How colonisation affected tangata whenua in Taranaki captured in new exhibition

By Jessica Tyson

The impact of the arrival of British settlers and colonisation on tangata whenua in Taranaki have been captured in a new solo exhibition by sculptor Brett Graham.

The exhibition, Tai Moana Tai Tangata takes the form of a site-specific installation ranging through all floors of the Govett-Brewster Art Gallery.

In 2018 Graham, of Tainui and Ngāti Koroki Kahukura, undertook part of his two-month residency in Taranaki to research local strategies of resistance to colonisation, to then create new works for the exhibition. During this residency, he researched the history of the relationship between Taranaki and Tainui, and a pact of solidarity, known as Te Kīwei o te Kete forged during the New Zealand land wars.

 “When it comes to colonisation I was looking at some of the things that Taranaki and Tainui had in common and this expression of King Tawhiao, Te Kīwei o te Kete, says Graham.

“He talked about how Taranaki had one handle of the kete and Tainui had one handle of the kete and even though the two iwi had been at war because of the threat of raupatu, confiscation, that bound the people together in that sense of common experience of colonisation.”

One of five sculptures in Tai Moana Tai Tangata / Source: Brett Graham.

Graham is a sculptor who creates large scale artworks and installations that explore indigenous histories, politics, and philosophies. Graham works from Auckland but has been a constant traveller through his career, undertaking a range of residences through Te Moana-nui-a-Kiwa, North America, Asia, and Europe.

He says his own whānau also has a connection to Taranaki.

“On the big scale of things there was Tawhiao who sent down his Tekau Ma Rua to Taranaki, his prophets or disciples, to observe what was going on in Taranaki with Parihaka leaders Te Whiti-o-Rongomai and Tohu Kākahi," Graham says.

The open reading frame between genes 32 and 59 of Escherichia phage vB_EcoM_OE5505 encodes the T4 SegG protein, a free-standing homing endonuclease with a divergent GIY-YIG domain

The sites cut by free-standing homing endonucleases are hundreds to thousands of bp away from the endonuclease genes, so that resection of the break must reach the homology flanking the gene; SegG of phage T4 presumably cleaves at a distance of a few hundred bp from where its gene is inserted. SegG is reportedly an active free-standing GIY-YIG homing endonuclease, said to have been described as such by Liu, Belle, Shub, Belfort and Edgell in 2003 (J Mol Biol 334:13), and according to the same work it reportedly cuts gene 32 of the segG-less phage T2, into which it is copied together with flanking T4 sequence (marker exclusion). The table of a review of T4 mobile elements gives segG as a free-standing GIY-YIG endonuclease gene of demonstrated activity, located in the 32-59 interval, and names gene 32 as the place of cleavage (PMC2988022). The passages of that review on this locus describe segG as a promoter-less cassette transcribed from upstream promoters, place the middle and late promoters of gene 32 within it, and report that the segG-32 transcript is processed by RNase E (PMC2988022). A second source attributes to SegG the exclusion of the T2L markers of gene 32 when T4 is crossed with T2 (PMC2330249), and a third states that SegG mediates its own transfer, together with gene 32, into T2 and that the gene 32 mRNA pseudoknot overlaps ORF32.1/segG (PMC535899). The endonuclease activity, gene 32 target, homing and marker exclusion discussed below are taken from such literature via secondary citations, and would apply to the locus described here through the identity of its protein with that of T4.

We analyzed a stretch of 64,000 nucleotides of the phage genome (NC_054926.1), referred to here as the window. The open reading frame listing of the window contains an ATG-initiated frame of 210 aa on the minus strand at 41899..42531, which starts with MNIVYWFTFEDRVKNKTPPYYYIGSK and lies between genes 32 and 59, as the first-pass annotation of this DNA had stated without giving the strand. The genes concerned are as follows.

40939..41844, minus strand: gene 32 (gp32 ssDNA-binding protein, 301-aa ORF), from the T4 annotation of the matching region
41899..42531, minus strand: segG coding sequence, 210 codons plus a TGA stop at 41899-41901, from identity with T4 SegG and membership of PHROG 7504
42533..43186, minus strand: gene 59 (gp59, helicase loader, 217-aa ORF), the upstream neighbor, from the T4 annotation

“But on another level, my family was quite closely connected there so we have Grahams in Taranaki. So the smaller picture was looking at all of those intimate connections in our family that made it real for me.”

Source: Brett Graham

Tai Moana Tai Tangata

Tai Moana Tai Tangata includes five sculptures including one that has taken the shape of a pātaka, pantry, on wheels.

Graham says the carved pātaka was inspired by quotations by Te Whiti and Tohu Kākahi.

“When the soldiers and the surveyors came to essentially mark up their territory and take land away from those people at Parihaka, they sent out wagons of food, and of course, those wagons of food were interpreted as an act of generosity but they were really a statement about mana whenua, about the fact that they were the true occupants of the land but, of course, it went completely over the heads of these surveyors and soldiers.”

Source: Brett Graham

Another work, called Grande Folly Egmont which looks like a lighthouse, says Graham.

“That again relays that experience that Māori would have known when Pākeha soldiers built many redoubts throughout all of Taranaki and all of Waikato. I’ve called it Grande Folly Egmont as a play on how ridiculous it is to change those beautiful names like Taranaki to Egmont and Ngāmotu to New Plymouth.”

Grande Folly Egmont / Source: Brett Graham.

The exhibition has been extended until May 2, 2021.